transactions like trades and signings.
“I think I’ll be involved in areas involving the business side as well as the baseball side,” DeWitt said. “Hopefully, I can be helpful on a consulting basis.”
Right away, Angelos was quick to talk about winning and the importance of a competitive club on the field.
“There has been some concern that we spent too much money [buying the franchise] and there will not be enough left to make this team a consistent winner,” Angelos said. “That is not the case. Those occasions arise when one player may make the difference. If that occasion arises, you have to be equal to it. But the best way to build a winning team is through [player] development. We’re going to have to balance out desire to get strong players and be careful not to do anything to harm the club for years to come.”
Angelos told The Sun that he expected to listen to advice from the Orioles board and executive committee but made it clear that he was the managing partner.
“These are people of diverse talents and personalities,” Angelos said of his new partners. “I would expect to use that. I won’t hesitate to take to them any matter of substance that deals with the club, its success and civic image.”
The newspaper reported that “the agreement states that Angelos, as managing general partner, will have ‘the exclusive right to manage the business’ of the team. That includes decisions involving the signing of players, negotiation of television and radio contracts and decisions regarding front-office personnel.”
Tom Clancy summed up his faith in Angelos thusly: “All business ultimately comes down to trust,” Clancy said. “Peter is an honorable guy. I take him seriously, and he takes me seriously.”
The third-largest investor on Team Angelos was Stephen A. Geppi, who as a kid from Little Italy in Baltimore dreamed of owning the Orioles and now had a stake. Geppi, who took his passion in comic books and became the industry’s largest distributor, also gave a vote of confidence to his new partner. “Even though he has the final say, he’ll listen to us,” Geppi said. “He’ll listen to what common sense dictates.”
Angelos initially invested $32 million for a 50% share. Clancy was in for 22% with a $12 million investment and Geppi put in almost $4 million for a 5% stake. DeWitt bought nearly $10 million to the table to help the group in the final hours and it was unclear how much stock he received.
Now that Angelos had full control of the team, he once again echoed his pre-purchase mantra – the one that made very little sense to anyone who realized that Oriole Park at Camden Yards was less than two years old and the team had a 30-year binding lease to play in it through 2021. He again reiterated that the stability of the team would be greater with a local owner.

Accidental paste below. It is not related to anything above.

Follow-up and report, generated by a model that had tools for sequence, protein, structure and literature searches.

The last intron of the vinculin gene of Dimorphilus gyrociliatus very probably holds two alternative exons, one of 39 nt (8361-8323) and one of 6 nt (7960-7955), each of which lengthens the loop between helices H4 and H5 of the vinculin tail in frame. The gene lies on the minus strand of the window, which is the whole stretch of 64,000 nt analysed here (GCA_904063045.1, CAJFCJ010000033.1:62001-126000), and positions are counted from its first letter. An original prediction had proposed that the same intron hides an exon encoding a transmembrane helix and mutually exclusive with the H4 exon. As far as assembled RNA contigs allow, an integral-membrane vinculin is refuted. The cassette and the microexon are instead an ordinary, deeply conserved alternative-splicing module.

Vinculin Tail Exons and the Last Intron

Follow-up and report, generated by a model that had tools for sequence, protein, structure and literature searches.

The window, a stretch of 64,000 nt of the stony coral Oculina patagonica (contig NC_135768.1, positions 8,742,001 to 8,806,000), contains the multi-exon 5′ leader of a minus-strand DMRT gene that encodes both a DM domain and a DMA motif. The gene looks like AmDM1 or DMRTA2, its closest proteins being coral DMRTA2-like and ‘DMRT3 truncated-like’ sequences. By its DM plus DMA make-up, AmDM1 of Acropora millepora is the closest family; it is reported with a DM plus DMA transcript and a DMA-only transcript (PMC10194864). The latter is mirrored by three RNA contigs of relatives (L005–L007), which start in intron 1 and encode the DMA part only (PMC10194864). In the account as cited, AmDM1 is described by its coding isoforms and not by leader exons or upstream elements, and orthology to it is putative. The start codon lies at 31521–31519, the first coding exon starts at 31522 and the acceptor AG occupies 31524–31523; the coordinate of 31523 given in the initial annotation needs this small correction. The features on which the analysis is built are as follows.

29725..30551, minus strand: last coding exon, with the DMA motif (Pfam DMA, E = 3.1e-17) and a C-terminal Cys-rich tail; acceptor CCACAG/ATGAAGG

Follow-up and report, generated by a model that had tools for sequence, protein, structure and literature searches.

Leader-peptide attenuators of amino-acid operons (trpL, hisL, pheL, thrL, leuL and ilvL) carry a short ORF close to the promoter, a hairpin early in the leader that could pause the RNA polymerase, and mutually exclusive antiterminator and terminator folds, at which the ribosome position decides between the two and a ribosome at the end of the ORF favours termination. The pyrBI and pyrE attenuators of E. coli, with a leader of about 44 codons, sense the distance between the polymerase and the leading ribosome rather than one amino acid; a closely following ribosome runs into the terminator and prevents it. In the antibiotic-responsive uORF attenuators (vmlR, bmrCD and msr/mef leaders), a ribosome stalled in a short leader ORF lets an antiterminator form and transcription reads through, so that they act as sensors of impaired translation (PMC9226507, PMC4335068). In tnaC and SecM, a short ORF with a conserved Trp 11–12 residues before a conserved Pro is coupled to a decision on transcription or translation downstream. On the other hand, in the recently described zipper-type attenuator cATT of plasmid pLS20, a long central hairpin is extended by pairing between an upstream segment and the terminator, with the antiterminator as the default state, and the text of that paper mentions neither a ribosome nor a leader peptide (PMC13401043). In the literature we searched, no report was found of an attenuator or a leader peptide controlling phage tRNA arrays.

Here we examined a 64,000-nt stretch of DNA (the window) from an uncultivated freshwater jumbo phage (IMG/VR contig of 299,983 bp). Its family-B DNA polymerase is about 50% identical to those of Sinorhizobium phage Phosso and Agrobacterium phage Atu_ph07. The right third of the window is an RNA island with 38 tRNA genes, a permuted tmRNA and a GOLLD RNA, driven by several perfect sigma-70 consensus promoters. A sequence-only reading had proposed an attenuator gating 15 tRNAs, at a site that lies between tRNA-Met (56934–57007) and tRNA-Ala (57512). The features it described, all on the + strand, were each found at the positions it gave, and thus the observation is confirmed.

“I predict that this club will never leave here,” Angelos said. “I further promise you that, as far as this ownership group is concerned, the club will never again be controlled by outside interests. The Orioles are such a part of this state that when you consider that somehow or other they might be controlled or some day taken away from us, that is simply unthinkable and something that we will never allow to happen.”
On August 3, 1993, just 24 hours removed from the biggest victory of their lives, Angelos joined DeWitt and Lucchino along with many of the other new partners for a celebratory evening of pennant-race Orioles baseball at Camden Yards. The Birds beat the Brewers 13-8 and won the second of what would be a eight-game winning streak that brought them within a ½ game of first place in mid August. The team’s starting pitching would wilt over the next two weeks as they lost eight in a row in Detroit, New York and Seattle, crushing postseason hopes.
On October 3, the Orioles finished the 1993 season at 85-77, good enough for third place.
On October 4, Peter G. Angelos assembled his bankers and took control of the Baltimore Orioles. Eli Jacobs received $173 million. Angelos took over operations of the franchise.
At 8:30 a.m. on October 5, Minnesota banker Joe Foss delivered a letter to Larry Lucchino relieving him of all duties as C.E.O. & president of the Orioles. Many thought that Angelos’ right hand man during the purchase, George Stamas, would be named the team’s president. Instead, Foss, who Angelos had just met in May and who had never worked outside of banking or inside of baseball, was named the team’s president.
Lucchino was all-too-familiar with mercurial owners who